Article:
“I remember.” Percy had been one of the Ministry functionaries helping in the aftermath—two dead, another dozen badly injured. Had interviewed William Abbott—though listening to the man sob incoherently about how he had known coming back to England was a mistake could hardly be called an interview. Percy had reported directly to Minister Scrimgeour, had watched the colour drain from the former Auror's face as the reality had set in: that the Death Eaters were loose, that they were attacking not just the Muggle-born, but even old families like the Abbotts—or the Boneses, or the Weasleys—who were known to sympathize with those who were not born into the magical world.
In retrospect, Percy wondered if Scrimgeour had realized in that moment that his own days were numbered. “I'm sorry.”
Audrey laughed, but it was a sad laugh, most unlike her. “He wasn't himself again for a long, long time. When I joined the Ministry after I left school, I had to move him out to New York. He's back in San Francisco now, back with his friends, and he knows the war's over here, that it ended five, six years ago, but it doesn't take much...”
“The war remains with all of us still,” Percy said, stroking moisture from her cheek. “I understand.”
“Yeah,” Audrey sighed. “You lost a brother, didn't you?” When Percy blinked, she chuckled—a little more like herself. “I told you. I did my research.”
“Of course you did,” said Percy. He kissed her, and they held on to each other, each of them feeling the cold creeping in to their warm, sunlit room.
They made love again, and then once more, each time with a ferocity that almost drove any thought of any time but right now out of their heads.
25 October, 2003—4.22pm
Percy was having the most amazing dream. In it, Audrey kept calling out to him: “Darling! Have you taken your clothes off?”
“Of course, my precious!” he would call back, and enter a bedroom the size of the Great Hall at Hogwarts—but each time, Audrey, who was lying in the mammoth, silk-draped bed and wearing nothing but a piece of white tulle atop her unkempt head, would start to laugh, and Percy would look down to realize that he still had his work robes on. “I'll be right back, my love!“ he would shriek, and run back to their bathroom, tear off the robes and sprint back into the enormous bedroom... only to find Audrey howling with laughter, because he still had the blasted robes on....
Laughter woke him, laughter and a warm, naked body rumbling against his own. “Audrey?” he mumbled.
“I...?” She rolled away from him, and his world was a diffuse golden mist. “I was dreaming.”
He started to search for his glasses, but the first thing that he managed to grab was her shoulder. “Ah.”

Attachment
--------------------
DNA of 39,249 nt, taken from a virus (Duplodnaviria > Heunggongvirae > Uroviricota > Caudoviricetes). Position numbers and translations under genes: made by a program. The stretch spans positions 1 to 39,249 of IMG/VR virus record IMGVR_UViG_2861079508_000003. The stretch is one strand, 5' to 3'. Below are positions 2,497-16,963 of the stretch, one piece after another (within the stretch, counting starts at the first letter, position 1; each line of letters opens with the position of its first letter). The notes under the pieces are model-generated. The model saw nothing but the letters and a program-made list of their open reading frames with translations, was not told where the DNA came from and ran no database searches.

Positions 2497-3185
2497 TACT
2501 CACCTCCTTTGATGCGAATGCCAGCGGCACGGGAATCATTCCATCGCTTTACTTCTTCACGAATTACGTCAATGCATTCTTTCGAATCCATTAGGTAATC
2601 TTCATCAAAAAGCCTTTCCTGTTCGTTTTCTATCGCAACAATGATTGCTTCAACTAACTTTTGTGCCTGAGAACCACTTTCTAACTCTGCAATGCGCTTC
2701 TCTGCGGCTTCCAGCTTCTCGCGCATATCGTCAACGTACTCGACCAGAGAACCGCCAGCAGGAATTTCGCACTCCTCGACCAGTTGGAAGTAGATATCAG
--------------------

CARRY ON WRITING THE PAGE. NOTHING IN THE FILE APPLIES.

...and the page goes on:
“Here,” she said, pressing his glasses into his hand.
“Thank you.” He slid them onto his face, and was astonished though perhaps not surprised to see just how lovely and how thoroughly debauched she looked—hair wild, creases from the sheet marked into her skin. “Wow.”
She laughed again and covered herself with her hands.
Percy pulled her hands away, and she didn't resist; her expression challenged him to look his fill, which wasn't a difficult challenge to accept. “It must have been a nice dream.”
“Hmm.” She smiled, sphinx-like, and Percy had negotiated with her long enough through the previous week to know that he wouldn't be getting any further information from her.
“I was dreaming too,” he ventured. “I think I was dreaming about... our honeymoon.”
“Hmm,” she said, the grin broadening, and she climbed on top of him. When he reached up to her, she snorted and grabbed his hands. “Again? Really?”
“To be honest,” mused Percy, “I don't know that I could—physically. But I wouldn't mind trying.”
Audrey laughed—a bright, high angelus of a laugh—and Percy's heart soared, for all that his body was wonderfully sore. “It's just as well!” she giggled. “Aren't we supposed to be going to a wedding?”
Wedding?Percy blinked at her—his dream flooding back into his mind, the image of her waiting for him on the sea of red silk mixing with the very real feel of her against him to make concentrating on anything but the texture of Audrey's skin terribly difficult—but then the memory of the invitation that his father had Spell-o-Taped to the wall of his Ministry cubicle flashed back, and with it, all of the anxiety of the last six weeks. “The wedding!”
“What time is it? We're supposed to be there by five o'clock!” He sat up, upsetting Audrey's perch on his pelvis and dumping her on the duvet. He couldn't decide which made his sweat run colder: the idea of disappointing his mother, the idea of disappointing his sister, or the idea of—once again—seeming to slight Harry, whom he had worked with for the past five years and had come to respect enormously.
“Slow down, Flash!” squealed Audrey. “It's only four-thirty—we've got time!”
Percy froze and realized that he had been pulling on his socks and hiking shoes before he'd bothered with his shirt or his trousers, let alone his pants. Let alone the carefully Petrified dress robes that were still stiff as a board in his pocket. “Four-thirty?”
Audrey managed to pull herself upright and pointed to the clock on the mantel, which indeed read half-four. “And I don't mind broadcasting the scent of what we've just been doing—proud of it, actually—but then, I won't know anyone there but you. Don't you think you should take a shower?” She raised an eyebrow.
“Ah. Yes. Probably. Yes.”
She graced him with another smile that he had come to recognize only that day: a wicked, catlike grin that promised so much... “Like the look of you standing there in just your socks and boots.”
Percy blushed, but didn't bother trying to cover himself. “Thank you.”
“You called me... Flash.” Percy was the one member of his family who had grown up utterly devoid of nicknames—unless you counted Big-head Boy or Perfectly Pratly Percy—and so to be labelled with the moniker gave him an odd sense of warmth.
“Oh.” Audrey's grin went from feral to sheepish. “Muggle comic book thing. He was fast. And... red-headed. He was my favourite hero.”
“I'm your hero?” That warm feeling spread.
She lifted her chin. “Yup.”
Percy wasn't used to being anyone's hero. Harry—he epitomized the role. Even Ron. Ginny too. Bill. Charlie. Fred... Percy shivered, but pushed up the smile that he had been feeling initially. “Thank you. I think you are quite heroic yourself.”
“Hardly.” She snorted and pointed over her shoulder to the bathroom. “Shower?”
Now the smile blossomed of its own accord. He held out a hand. “Only if you'll join me.”